Dashboard Week - Day 4 - Squirrel Census

by Alan Grunberg

For day 4 of Dashboard Week we used a dataset sourced from a census of squirrel sightings at select parks in New York City. The group that made the census also created a whole lot more fun squirrel themed content for their website (including a squirrel hotline!) which is definitely worth checking out: https://www.thesquirrelcensus.com/

The first step was cleaning and preparing the data. Some of this I did in Alteryx and some in Tableau Prep, depending on which tool was best for the job.

I used Alteryx to split the data up into more rows. For example, a squirrel might be recorded as "running, climbing, jumping". With Alteryx I was able to split on the ',' character to give each activity its own row, making the data easier to work with in Tableau. Here's what the Alteryx flow looked like:

I used Tableau prep to better standardize the data. For example, one squirrel may have been recorded as "in a tree", another as "in tree", and another as "on a tree". With prep I could rename these so they all read as just "tree" and Tableau could recognize them as the same location. Here's what that looked like in Tableau Prep:

The next step was bringing in data from an outside source. I decided I wanted to get data on the size of each park so I could calculate which parks had the most squirrel density. Luckily, the city maintains a list of all NYC parks, plus photos and information including their acreage and park type at https://www.nycgovparks.org/parks

This all took longer than planned, so I didn't actually start working in Tableau until almost 1:30pm. Furthermore, I then ran into a tricky problem involving LOD (Level of Detail) calculations that I had to get help from our coach Val with. Because of this I ended up scrambling to put my dashboard together in the last hour or so, and only got a very rough and partial version done. I will have to go back and finish it when I'm on bench!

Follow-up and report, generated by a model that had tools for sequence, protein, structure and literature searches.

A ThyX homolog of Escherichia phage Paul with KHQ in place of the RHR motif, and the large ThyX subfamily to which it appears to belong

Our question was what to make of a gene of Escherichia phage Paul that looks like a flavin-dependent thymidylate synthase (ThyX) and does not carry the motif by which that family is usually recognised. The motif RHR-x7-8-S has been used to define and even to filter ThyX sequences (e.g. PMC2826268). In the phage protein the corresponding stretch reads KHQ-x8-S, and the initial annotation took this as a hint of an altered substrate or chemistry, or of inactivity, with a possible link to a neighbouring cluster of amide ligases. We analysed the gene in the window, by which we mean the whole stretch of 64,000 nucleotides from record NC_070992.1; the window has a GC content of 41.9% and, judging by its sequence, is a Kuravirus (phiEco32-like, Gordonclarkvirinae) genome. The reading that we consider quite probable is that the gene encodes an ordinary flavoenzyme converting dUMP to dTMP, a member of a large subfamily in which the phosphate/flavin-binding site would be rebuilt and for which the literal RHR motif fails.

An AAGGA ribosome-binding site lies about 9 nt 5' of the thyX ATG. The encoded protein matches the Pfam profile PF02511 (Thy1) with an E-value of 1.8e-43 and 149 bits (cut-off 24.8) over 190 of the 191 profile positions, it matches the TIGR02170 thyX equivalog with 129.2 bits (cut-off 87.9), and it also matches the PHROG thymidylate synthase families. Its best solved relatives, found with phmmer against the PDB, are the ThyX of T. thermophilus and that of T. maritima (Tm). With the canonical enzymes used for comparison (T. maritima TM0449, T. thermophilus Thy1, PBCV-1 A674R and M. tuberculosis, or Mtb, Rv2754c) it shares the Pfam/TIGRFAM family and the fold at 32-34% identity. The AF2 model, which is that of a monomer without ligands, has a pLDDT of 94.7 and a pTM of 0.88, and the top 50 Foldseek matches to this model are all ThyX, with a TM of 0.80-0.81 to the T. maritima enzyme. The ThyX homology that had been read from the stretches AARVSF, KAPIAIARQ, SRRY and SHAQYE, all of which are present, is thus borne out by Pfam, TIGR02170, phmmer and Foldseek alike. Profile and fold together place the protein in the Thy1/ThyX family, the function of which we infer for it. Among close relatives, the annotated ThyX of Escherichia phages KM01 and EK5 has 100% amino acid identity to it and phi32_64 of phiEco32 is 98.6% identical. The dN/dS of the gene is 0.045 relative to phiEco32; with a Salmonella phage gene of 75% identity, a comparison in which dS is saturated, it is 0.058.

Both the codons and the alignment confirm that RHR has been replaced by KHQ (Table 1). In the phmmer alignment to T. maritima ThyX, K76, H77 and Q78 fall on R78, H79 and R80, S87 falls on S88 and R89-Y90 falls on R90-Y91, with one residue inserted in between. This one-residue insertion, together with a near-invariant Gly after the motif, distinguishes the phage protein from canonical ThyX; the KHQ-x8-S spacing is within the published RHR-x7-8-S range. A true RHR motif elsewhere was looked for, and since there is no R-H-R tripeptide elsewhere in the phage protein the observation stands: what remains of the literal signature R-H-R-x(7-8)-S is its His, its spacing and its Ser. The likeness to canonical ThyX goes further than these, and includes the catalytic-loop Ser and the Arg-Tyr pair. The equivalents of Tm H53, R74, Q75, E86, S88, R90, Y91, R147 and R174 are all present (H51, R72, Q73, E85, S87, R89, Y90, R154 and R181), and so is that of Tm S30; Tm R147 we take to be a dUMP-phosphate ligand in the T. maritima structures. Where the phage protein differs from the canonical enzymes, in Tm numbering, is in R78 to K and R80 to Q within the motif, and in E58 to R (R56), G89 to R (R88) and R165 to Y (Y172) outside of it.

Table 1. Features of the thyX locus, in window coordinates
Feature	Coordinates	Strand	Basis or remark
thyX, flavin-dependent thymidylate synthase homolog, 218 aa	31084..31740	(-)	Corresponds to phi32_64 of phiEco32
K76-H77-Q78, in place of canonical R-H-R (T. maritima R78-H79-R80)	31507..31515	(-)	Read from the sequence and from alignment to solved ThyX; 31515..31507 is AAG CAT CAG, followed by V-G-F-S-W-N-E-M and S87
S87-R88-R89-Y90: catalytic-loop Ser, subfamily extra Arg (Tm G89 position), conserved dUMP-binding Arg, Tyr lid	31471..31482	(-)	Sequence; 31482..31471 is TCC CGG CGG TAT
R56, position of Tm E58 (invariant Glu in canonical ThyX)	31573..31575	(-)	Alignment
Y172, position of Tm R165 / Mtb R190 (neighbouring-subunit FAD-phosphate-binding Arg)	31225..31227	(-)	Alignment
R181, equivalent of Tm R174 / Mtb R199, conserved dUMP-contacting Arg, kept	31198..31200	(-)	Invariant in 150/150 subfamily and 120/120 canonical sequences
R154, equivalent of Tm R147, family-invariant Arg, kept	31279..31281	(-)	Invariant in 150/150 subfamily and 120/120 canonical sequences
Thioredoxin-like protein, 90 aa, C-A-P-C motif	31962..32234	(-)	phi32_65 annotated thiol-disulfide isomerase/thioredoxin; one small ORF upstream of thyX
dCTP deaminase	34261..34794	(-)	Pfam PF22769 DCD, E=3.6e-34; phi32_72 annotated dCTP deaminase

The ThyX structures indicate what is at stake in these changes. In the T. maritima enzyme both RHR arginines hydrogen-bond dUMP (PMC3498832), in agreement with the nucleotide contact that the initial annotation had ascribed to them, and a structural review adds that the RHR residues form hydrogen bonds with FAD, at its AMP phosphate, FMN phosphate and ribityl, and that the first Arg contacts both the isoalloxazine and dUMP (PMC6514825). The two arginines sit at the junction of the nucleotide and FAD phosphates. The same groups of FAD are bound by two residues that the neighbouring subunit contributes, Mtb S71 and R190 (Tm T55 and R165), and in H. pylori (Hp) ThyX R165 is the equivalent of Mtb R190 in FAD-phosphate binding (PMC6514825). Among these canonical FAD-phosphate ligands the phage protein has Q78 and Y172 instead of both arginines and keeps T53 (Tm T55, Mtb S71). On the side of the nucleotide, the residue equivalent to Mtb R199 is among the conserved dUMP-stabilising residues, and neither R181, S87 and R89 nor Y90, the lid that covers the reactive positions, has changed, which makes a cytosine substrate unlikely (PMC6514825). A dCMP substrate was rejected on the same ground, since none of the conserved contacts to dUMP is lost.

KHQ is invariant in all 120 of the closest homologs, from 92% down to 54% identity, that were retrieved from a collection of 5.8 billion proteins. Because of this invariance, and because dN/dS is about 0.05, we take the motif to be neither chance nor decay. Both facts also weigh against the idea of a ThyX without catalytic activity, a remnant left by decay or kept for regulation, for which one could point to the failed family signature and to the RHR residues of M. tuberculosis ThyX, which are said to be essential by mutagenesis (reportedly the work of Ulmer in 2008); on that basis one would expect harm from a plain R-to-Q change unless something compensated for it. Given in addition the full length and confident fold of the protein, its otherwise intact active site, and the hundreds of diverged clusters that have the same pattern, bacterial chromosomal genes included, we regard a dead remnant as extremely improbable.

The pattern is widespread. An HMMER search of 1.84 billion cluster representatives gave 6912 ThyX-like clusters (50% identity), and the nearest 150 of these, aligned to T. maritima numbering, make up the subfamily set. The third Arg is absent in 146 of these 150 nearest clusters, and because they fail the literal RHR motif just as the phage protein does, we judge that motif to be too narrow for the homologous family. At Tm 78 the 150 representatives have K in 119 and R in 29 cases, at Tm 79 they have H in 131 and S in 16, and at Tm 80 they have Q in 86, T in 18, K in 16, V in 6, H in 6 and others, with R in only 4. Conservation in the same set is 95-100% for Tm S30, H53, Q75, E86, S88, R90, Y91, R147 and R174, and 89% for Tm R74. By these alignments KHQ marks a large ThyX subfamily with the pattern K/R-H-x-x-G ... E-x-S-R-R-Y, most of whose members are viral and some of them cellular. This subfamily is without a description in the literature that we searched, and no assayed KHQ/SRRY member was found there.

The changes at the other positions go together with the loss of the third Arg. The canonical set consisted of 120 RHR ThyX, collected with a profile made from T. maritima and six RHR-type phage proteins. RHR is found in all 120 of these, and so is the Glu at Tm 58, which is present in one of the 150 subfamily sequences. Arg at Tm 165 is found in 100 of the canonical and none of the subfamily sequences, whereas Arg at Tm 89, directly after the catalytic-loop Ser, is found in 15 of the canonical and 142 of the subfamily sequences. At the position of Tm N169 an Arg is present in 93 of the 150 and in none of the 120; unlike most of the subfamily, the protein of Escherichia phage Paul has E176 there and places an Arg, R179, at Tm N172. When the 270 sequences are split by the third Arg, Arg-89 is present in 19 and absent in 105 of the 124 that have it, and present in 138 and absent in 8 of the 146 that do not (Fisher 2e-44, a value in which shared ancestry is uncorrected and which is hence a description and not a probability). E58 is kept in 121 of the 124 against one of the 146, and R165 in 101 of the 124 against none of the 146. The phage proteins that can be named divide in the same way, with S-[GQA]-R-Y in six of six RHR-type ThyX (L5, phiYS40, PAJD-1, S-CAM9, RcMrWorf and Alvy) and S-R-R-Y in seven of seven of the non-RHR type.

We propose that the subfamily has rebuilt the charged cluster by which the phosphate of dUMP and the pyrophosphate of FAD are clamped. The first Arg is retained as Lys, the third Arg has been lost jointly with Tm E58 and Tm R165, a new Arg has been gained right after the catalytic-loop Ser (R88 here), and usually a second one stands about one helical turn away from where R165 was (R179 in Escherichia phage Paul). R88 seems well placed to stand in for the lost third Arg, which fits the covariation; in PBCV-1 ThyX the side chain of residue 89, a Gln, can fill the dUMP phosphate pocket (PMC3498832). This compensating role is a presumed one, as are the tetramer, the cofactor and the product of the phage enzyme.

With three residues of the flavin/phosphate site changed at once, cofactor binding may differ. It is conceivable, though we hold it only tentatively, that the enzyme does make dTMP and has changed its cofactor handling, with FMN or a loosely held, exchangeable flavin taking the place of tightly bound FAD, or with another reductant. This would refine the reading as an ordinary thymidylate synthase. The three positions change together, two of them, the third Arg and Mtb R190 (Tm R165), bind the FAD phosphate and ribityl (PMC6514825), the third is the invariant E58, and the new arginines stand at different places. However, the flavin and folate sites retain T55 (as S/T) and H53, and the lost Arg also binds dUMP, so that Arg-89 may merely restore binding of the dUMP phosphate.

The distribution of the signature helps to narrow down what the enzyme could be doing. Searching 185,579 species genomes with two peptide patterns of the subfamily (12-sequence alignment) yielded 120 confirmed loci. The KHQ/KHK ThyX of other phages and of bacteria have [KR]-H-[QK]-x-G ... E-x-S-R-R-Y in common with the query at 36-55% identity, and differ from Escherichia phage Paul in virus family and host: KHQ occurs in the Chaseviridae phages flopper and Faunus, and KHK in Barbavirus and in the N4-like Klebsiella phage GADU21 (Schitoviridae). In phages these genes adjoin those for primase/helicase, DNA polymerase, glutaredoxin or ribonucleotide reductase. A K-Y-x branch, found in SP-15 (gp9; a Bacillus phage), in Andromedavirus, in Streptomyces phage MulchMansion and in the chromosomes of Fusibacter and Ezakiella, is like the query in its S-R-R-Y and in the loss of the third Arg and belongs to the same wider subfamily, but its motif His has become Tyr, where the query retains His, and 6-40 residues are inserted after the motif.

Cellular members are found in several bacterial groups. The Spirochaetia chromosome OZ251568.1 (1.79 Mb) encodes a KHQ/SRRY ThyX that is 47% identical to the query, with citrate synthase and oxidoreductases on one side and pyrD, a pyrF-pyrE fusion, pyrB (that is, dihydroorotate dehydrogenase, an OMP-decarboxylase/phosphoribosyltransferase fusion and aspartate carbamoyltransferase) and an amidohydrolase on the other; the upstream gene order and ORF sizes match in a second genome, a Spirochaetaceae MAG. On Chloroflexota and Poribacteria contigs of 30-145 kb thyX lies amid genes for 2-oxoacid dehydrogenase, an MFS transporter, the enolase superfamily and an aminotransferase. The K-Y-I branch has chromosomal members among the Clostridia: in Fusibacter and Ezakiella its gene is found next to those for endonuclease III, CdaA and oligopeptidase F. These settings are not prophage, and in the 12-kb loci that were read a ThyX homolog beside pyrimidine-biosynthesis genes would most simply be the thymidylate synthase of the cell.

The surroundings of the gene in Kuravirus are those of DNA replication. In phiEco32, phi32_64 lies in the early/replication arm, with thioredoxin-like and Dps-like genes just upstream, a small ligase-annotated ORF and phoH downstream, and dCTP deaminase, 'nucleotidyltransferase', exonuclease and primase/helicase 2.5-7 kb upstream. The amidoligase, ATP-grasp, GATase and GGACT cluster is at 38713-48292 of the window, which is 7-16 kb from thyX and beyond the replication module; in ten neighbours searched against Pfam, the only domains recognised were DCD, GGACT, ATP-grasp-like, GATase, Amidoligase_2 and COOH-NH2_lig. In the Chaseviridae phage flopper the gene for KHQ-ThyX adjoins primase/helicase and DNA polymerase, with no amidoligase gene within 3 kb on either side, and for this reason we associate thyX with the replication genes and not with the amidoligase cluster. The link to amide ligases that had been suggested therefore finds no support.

As you can see, I have bar charts showing squirrel density (calculated as squirrels per acre of land) for park type (neighborhood parks have the highest) and region (Central Manhattan parks have the highest). I then have a list of all the parks in order by squirrel density, most to least dense.

Finally, I have maps, pictures and info for the top 3 parks. It is interesting that they are all small neighborhood parks in Central Manhattan. Not only that, but they all have 'Square' in their names and are all just a couple square blocks in size. My theory is that there is less green space in this part of the city, so the neighborhood squirrels crowd into the small parks they can find.

However there are also likely some data collection issues. Larger parks have more acreage, but surveyors only counted squirrels in sections of these big parks. This leads to lower squirrel per acre metrics (small numerator, big denominator) that are smaller than in reality.

Stay tuned to https://public.tableau.com/app/profile/alan.grunberg/viz/Squirrel_Census_Dashboard/Dashboard1, I'll finish it and clean it up in the future!

Tue 26 Mar 2024